A & E

Looking inside: Artist Mike Kelley at L.A.’s MOCA

"More Love Hours Than Can Ever Be Repaid and The Wages Of Sin," 1987, stuffed fabric toys on afghans on canvas with dried corn; wax candles on wood and metal base, 96 x 127 x 5 in. (243.8 x 322.6 x 12.7 cm); 52 x 23 x 23 in. (132 x 58.4 x 58.4 cm), Whitney Museum of American Art, New York; Purchased with funds from the Painting and Sculpture Committee, photo: courtesy Mike Kelley Foundation for the Arts

The largest exhibition of Mike Kelley’s work will take up the entire space that is the Geffen Contemporary at the Museum of Contemporary Art in Los Angeles, from March 31 to July 28, 2014. Kelley’s body of work isn’t easily categorized — he was a visual artist who utilized paint, sculpture, assemblage, fabric, music, the spoken word, film, photography — all with a counterculture twist that deconstructs assumptions of art and society.

Kelley was born in Detroit and moved to Los Angeles in 1976, where he became a de-fining influence in the contemporary art world. As an artist, teacher and collaborator, his work dug deep under the surface of culture and personal identity with a dark wit and defiance of tradition that defined his style, regardless of the medium.

Interaction with the peculiar sparks the viewer’s imagination. I’m reminded of a Mike Kelley exhibition I attended a few years ago. A group of museumgoers, myself included, stood around a roped-off area. Piled against the wall inside this area was a collection of soiled, torn plush toys (a Kelley theme), strewn on the floor around a cardboard box with an open lid. The stuffed animals looked abandoned. Dead. Forgotten.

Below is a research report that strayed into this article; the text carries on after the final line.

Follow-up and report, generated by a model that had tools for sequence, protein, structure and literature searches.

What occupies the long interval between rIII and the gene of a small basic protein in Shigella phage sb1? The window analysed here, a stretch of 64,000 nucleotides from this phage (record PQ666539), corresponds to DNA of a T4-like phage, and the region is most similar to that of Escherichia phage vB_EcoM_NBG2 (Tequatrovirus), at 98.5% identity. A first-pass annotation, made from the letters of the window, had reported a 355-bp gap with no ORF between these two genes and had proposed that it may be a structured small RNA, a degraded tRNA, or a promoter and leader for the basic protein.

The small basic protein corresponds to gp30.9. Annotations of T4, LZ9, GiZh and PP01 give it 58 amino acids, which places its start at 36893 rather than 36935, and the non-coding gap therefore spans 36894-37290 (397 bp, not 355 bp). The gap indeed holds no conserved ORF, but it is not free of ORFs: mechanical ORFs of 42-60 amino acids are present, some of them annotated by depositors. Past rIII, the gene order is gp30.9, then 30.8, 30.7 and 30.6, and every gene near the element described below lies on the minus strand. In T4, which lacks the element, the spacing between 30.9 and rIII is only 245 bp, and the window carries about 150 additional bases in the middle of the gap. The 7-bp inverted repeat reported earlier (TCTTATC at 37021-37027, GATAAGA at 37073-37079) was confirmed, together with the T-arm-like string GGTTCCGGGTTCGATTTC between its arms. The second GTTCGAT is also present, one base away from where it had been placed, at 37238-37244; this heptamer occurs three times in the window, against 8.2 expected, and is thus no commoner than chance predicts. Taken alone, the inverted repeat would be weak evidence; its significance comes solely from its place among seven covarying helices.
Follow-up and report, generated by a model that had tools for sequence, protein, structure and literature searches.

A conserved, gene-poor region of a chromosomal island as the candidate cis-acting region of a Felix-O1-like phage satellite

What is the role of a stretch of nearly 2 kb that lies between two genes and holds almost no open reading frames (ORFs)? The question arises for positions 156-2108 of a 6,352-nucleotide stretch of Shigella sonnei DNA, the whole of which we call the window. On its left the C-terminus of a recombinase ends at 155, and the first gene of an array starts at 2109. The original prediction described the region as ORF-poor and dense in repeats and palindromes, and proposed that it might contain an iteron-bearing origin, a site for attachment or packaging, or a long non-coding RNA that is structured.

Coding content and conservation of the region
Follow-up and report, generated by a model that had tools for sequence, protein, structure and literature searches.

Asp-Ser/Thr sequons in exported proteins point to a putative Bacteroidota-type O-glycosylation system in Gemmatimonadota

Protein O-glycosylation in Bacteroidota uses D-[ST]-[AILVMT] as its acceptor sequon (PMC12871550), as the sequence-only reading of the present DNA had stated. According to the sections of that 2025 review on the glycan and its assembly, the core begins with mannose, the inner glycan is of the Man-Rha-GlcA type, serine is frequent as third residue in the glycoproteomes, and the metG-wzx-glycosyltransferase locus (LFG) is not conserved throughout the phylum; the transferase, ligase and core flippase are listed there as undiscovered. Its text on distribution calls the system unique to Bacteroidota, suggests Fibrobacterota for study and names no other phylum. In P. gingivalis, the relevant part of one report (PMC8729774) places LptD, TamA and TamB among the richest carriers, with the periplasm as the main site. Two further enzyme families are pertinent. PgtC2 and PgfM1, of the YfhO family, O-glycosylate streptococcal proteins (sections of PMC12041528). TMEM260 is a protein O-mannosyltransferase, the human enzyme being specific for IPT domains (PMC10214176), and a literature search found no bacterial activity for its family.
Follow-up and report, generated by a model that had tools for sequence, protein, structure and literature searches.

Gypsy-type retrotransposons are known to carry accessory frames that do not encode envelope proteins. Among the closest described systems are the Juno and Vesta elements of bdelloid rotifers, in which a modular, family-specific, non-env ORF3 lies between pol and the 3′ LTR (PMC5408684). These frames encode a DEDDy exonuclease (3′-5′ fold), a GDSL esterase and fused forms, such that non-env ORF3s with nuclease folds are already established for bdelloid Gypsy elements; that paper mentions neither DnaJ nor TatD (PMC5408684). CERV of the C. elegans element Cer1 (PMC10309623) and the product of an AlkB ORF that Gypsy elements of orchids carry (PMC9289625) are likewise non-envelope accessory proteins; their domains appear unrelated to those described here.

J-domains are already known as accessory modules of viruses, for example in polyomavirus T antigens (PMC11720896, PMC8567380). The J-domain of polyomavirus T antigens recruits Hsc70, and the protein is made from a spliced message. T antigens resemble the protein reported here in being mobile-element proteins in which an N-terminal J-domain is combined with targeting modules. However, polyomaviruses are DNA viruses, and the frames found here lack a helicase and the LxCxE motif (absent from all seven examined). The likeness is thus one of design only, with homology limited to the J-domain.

“What’s inside?” I turned to look at a small, older man dressed in a smart three-piece suit. He was asking me the question. “I’m too short,” he said. “I can’t see inside the box. Can you see what’s inside?”

We both leaned in on our tiptoes, straining to see. “No, I can’t see anything,” I said. Maybe we aren’t supposed to see inside the box. Or maybe it’s just empty?”

“It could have more toys in it!” he answered. My new acquaintance then told enthusiastic stories of other Mike Kelley exhibitions, events and installations he’d witnessed through the years. Others stopped to listen. He compared what we were viewing to Kurt Schwitters’s Merzbau, and elaborated on the ways that abstract spaces can change what is visually possible.

His excitement turned into a moment of self-conscious apprehension. He became quiet, looked at his shoes. “I’m sorry. I’m getting so carried away. I’m talking far too much, and we are in a museum.” “No, it’s fantastic what you’ve said,” I replied. “Thank you.” We laughed, the moment of self-doubt now evaporated.

That’s my favorite Mike Kelley memory: Standing in a museum side-by-side with a stranger, our arms around each other, quietly giggling amongst Kelley’s obliterated toys.

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Sharon Anderson is an artist and writer in Southern California. She can be reached at